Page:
Jul
14

“Ageru,” the art of giving by Francis Takahashi

“The awesome Spirit of Ueshiba Aiki, and of “ageru”, was wondrously demonstrated by the Founder when he visited Hawaii in 1961…”

A “gift” may be “something that is bestowed voluntarily and without any thought or expectation of compensation, gain, or return”. It may also be “an act, right, or a power of giving”, an independent act of generosity wholly and unselfishly initiated by the giver. The act of unconditional giving is totally free from any expectation, requirement, or need for reciprocity on the part of the recipient.

Whenever we perform a favor, or simply share something of value, we may well have any number of reasons or purposes to choose from. The intentional act of giving without any hidden or unrevealed purpose, may well represent the highest form of respect, regard or genuine affection of one person for another. Such a gift then becomes priceless.

In discussions with other folk, whether in person, email, or on an online blog situation, we can come to truly appreciate how well we understand the spirit of gifting to one another, affording the full opportunity to allow for a more complete explanation, and perhaps an actual demonstration of the original intention. I am reminded of “jam sessions” in music, where each contribution is accepted without judgment, prejudice, or arbitrary application of rules. What can result is an easy and joyful atmosphere of simply enjoying each other’s gift of spontaneity and the originality of each others’ company.

Arguments certainly do have their value, and are usually governed by clear guidelines and established standards of tone, structure, design and overall purpose. Still, the simple gift of allowing each contributor an opportunity to deliver interesting perspectives is appreciated by all who honor such moments.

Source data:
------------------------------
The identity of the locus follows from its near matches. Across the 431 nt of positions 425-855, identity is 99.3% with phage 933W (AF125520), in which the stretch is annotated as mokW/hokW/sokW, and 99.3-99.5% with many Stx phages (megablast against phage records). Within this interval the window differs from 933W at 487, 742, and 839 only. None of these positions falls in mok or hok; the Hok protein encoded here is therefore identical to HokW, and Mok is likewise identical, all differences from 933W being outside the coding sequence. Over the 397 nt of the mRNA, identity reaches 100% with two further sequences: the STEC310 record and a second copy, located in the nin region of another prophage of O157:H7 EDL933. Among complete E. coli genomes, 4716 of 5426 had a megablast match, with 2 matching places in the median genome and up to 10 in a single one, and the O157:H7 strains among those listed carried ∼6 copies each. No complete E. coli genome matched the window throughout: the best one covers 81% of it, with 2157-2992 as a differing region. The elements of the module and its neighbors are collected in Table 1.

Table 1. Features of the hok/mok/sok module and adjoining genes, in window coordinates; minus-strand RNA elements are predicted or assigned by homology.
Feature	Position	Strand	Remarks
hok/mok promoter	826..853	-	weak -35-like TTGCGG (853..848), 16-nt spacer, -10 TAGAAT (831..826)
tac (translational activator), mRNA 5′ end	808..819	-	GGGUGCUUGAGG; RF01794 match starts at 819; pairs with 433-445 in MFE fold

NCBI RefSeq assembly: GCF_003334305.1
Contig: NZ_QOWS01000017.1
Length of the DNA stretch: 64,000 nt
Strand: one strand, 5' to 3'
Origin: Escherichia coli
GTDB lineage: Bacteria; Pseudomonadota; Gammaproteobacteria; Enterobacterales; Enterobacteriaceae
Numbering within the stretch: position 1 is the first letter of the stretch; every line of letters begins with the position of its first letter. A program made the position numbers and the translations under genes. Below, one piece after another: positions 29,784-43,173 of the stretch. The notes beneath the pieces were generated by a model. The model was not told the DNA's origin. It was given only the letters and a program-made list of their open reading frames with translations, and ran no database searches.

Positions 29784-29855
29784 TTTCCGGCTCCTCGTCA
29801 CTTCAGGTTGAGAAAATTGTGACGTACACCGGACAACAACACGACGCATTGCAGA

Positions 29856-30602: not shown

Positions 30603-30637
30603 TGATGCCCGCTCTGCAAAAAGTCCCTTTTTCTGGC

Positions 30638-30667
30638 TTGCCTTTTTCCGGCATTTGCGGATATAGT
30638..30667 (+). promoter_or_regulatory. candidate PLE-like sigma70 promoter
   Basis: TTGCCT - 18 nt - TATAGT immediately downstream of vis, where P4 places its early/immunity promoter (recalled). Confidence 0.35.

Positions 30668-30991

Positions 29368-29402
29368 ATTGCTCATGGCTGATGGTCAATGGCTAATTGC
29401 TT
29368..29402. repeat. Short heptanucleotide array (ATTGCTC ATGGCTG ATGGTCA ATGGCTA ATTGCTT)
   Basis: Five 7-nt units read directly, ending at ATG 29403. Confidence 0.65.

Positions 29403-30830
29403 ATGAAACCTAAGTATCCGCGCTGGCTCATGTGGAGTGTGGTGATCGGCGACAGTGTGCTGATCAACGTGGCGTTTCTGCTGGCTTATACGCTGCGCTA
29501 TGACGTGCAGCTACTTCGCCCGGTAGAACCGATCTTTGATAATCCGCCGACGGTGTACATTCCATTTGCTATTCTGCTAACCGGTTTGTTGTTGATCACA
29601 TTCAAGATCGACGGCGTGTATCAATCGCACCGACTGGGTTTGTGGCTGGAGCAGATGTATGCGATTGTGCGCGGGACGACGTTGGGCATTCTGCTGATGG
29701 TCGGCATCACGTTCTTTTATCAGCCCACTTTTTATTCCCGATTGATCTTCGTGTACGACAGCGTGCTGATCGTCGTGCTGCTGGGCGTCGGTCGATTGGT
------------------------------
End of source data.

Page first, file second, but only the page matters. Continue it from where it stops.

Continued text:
Even the seemingly simple gift of folding the hakama for another person can afford yet another magical opportunity for the giver, irrespective of who the lucky recipient may be. In that case, it becomes totally irrelevant as to whether it is the hakama of a sensei, a sempai, or a complete stranger. It is, after all, fully in the power of the giver to decide. Voluntarily folding a hakama for someone you like and respect isn’t such a big deal, now is it? Can you think of other simple tasks or favors you may want to do for those in your respective spheres? After all, courtesy has many facets, forms and faces.

In the course of regular Aikido practice, equal time and a uniform emphasis on skills development may be based on an easy agreement of both nage and uke, to actively develop such skills, avoiding any risk of injury or intimidation. Nage agrees to perform the technique fully, and with reasonable regard for the Uke’s well being, while the Uke agrees to follow Nage’s lead, and allow for every opportunity for Nage to complete each movement without opposition. This mutual exchange of respect and restraint forms the basis for progressive and safe development of useful skills for both Uke and Nage.

The awesome Spirit of Ueshiba Aiki, and of “ageru”, was wondrously demonstrated by the Founder when he visited Hawaii in 1961, for the formal dedication of the new main dojo facility in Honolulu, Hawaii. After the formal ceremonies were completed, and with the assistance of a Shinto priest, the Founder then began to pour sake for each and everyone in attendance. His was a humble gesture of generosity, but also an important lesson in how an accomplished master “walks his talk”. He was smiling, and congratulating everyone in attendance, thanking them for their welcome attendance, and for making the occasion a truly successful one, and by enjoying himself immensely.

In terms of the truly unique and selfless gift of training with one another, the attitudes and expectations we bring to the mat may well influence the quality and the outcome of the practice. It can also serve as a foundation for the continuing growth of interpersonal relationships as well. Let us not forget that partners, not opponents, practice the Art of Aikido.